LifeFlight and emergency services in plane crash training

In a spectacular display of teamwork and rescue operations, the two emergency services conducted a range of remote access training exercises which paralleled real-life rescue techniques.


The exercise included simulated mission planning and beacon homing, winching, cliff-rappelling and a remote clinical rescue scenario where an injured ‘patient’ had to be evacuated from the bottom of a 100 metre cliff on the edge of the dam.
The rescue training scenario was designed to improve the skill sets of LifeFlight and the QFES, along with Queensland Police Service (QPS) and Queensland Ambulance Service (QAS) officers, and their ability to all work more closely together when faced with a disaster in a remote area.

LifeFlight air and medical crews and QFES personnel braved the daunting winch and vertical rescue exercises in the name of saving lives, putting their training to practice in a range of simulated patient and rescue scenarios.

Emergency services swung into action just after 9am with a final briefing at the Crows Nest helipad, before the Toowoomba-based RACQ LifeFlight Rescue aeromedical crew winched its Critical Care Doctor and paramedic down to the crash site on the edge of the dam.
The rescue helicopter also winched other equipment into place and then conducted subsequent flights ferrying several QFES officers from the helipad to the rescue site. 
The officers then trekked a short distance to the top of a 100 metre cliff face where they rappelled down to the ‘crash site’ where a patient (a training dummy) required critical medical care and medical evacuation.
While LifeFlight and QFES often work together with QPS and QAS at the scene of accidents across Queensland, today’s training events helped test and perfect their skills in a remote rescue scenario where vehicle access was restricted. It also showcased the full capabilities of the rescue services and their operational efficiency when working together.

“The exercises conducted today allowed RACQ LifeFlight Rescue and QFES crews to consolidate current skills in a more dynamic environment. The crews were required to assess certain situations and choose whether to respond autonomously or combine capabilities,” said LifeFlight’s Lead Instructor and Aircrewman, Shaun Gillott.


“This might be a training ground, but it is absolutely critical for our services to have the opportunity to work together in a ‘disaster-type situation when these rescue skills can be put into practice.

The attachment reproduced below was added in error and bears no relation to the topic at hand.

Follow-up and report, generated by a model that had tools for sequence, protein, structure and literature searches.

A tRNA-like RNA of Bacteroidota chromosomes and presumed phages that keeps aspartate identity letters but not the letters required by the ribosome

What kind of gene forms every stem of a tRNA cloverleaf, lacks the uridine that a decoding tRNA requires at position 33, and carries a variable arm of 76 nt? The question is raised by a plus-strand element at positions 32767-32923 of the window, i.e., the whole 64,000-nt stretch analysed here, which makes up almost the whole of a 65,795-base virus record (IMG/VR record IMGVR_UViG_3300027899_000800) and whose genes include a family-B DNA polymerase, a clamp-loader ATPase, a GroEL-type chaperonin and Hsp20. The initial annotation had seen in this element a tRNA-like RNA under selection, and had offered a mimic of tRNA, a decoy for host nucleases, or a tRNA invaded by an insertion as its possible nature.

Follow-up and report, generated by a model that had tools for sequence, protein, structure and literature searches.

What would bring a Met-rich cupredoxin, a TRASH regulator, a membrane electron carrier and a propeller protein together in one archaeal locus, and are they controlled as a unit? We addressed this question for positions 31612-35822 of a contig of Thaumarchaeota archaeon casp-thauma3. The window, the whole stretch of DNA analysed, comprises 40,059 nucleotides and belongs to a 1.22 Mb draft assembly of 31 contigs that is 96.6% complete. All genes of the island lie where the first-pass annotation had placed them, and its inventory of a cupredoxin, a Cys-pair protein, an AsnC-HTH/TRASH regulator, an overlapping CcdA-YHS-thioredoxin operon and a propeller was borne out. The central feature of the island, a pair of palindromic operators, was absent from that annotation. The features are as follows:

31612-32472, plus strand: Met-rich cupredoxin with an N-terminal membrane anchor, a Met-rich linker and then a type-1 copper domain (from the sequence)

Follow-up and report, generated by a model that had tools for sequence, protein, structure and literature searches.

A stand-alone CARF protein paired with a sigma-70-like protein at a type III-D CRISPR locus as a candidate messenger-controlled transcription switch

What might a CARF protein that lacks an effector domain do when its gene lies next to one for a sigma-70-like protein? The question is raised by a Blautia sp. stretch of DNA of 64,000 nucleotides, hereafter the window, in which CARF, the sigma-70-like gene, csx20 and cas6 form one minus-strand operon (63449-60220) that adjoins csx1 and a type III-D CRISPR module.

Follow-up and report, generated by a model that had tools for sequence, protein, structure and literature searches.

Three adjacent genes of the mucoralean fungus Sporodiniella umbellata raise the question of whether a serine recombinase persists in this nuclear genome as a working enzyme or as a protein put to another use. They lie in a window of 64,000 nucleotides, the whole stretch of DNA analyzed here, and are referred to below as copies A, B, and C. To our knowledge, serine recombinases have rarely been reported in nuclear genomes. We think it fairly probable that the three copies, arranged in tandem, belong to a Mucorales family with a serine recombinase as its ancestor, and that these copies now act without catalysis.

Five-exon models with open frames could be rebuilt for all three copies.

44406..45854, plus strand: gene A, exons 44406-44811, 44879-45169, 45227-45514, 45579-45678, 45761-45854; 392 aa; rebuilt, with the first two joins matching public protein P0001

“LifeFlight has five community helicopter bases around Queensland and every day our aeromedical crews are faced with a range of lifesaving situations which could vary from a plane crash, to a motor vehicle accident, an injured bushwalker to a farm worker who has been injured in an accident with an animal or while using a piece of machinery.
“We just never know what we’re going to face from one week to the next which is why this training is important so that we can be prepared for every possible scenario.”
Queensland Fire and Emergency Services Technical Rescue Coordinator Mark Haddow said the exercise reinforced rescue skills to ensure crews were well prepared for vertical rescues in the region. 

“In simulating different scenarios, the exercise has given our crews the opportunity to hone our skills in a controlled environment and work alongside LifeFlight to remove a casualty from harsh terrain,” Mr Haddow said. 
“The exercise has also allowed us to practice the different communication techniques and problem solving skills firefighters must employ when faced with rescue incidents, especially in a remote area.”
2016 was a record-breaking year for RACQ LifeFlight Rescue helicopters, flying 1,957 missions across Queensland costing the charity more than $24 million.
LifeFlight’s air ambulance service, with a fleet of three jets, now also sponsored by RACQ, also had a record year flying an additional 298 lifesaving missions both in Australia (183) and overseas (115) to countries including China, Vanuatu, Fiji, Bangladesh, Indonesia, Vietnam and Hawaii.
LifeFlight is a world leader in aeromedical care and Australia’s most diversified service with both a fixed and rotary wing fleet, which flew the record number of missions in 2016 with 13 rescue helicopters and three air ambulance jets from 12 locations.
LifeFlight is a community-based charity that relies on donations from the public and community support.

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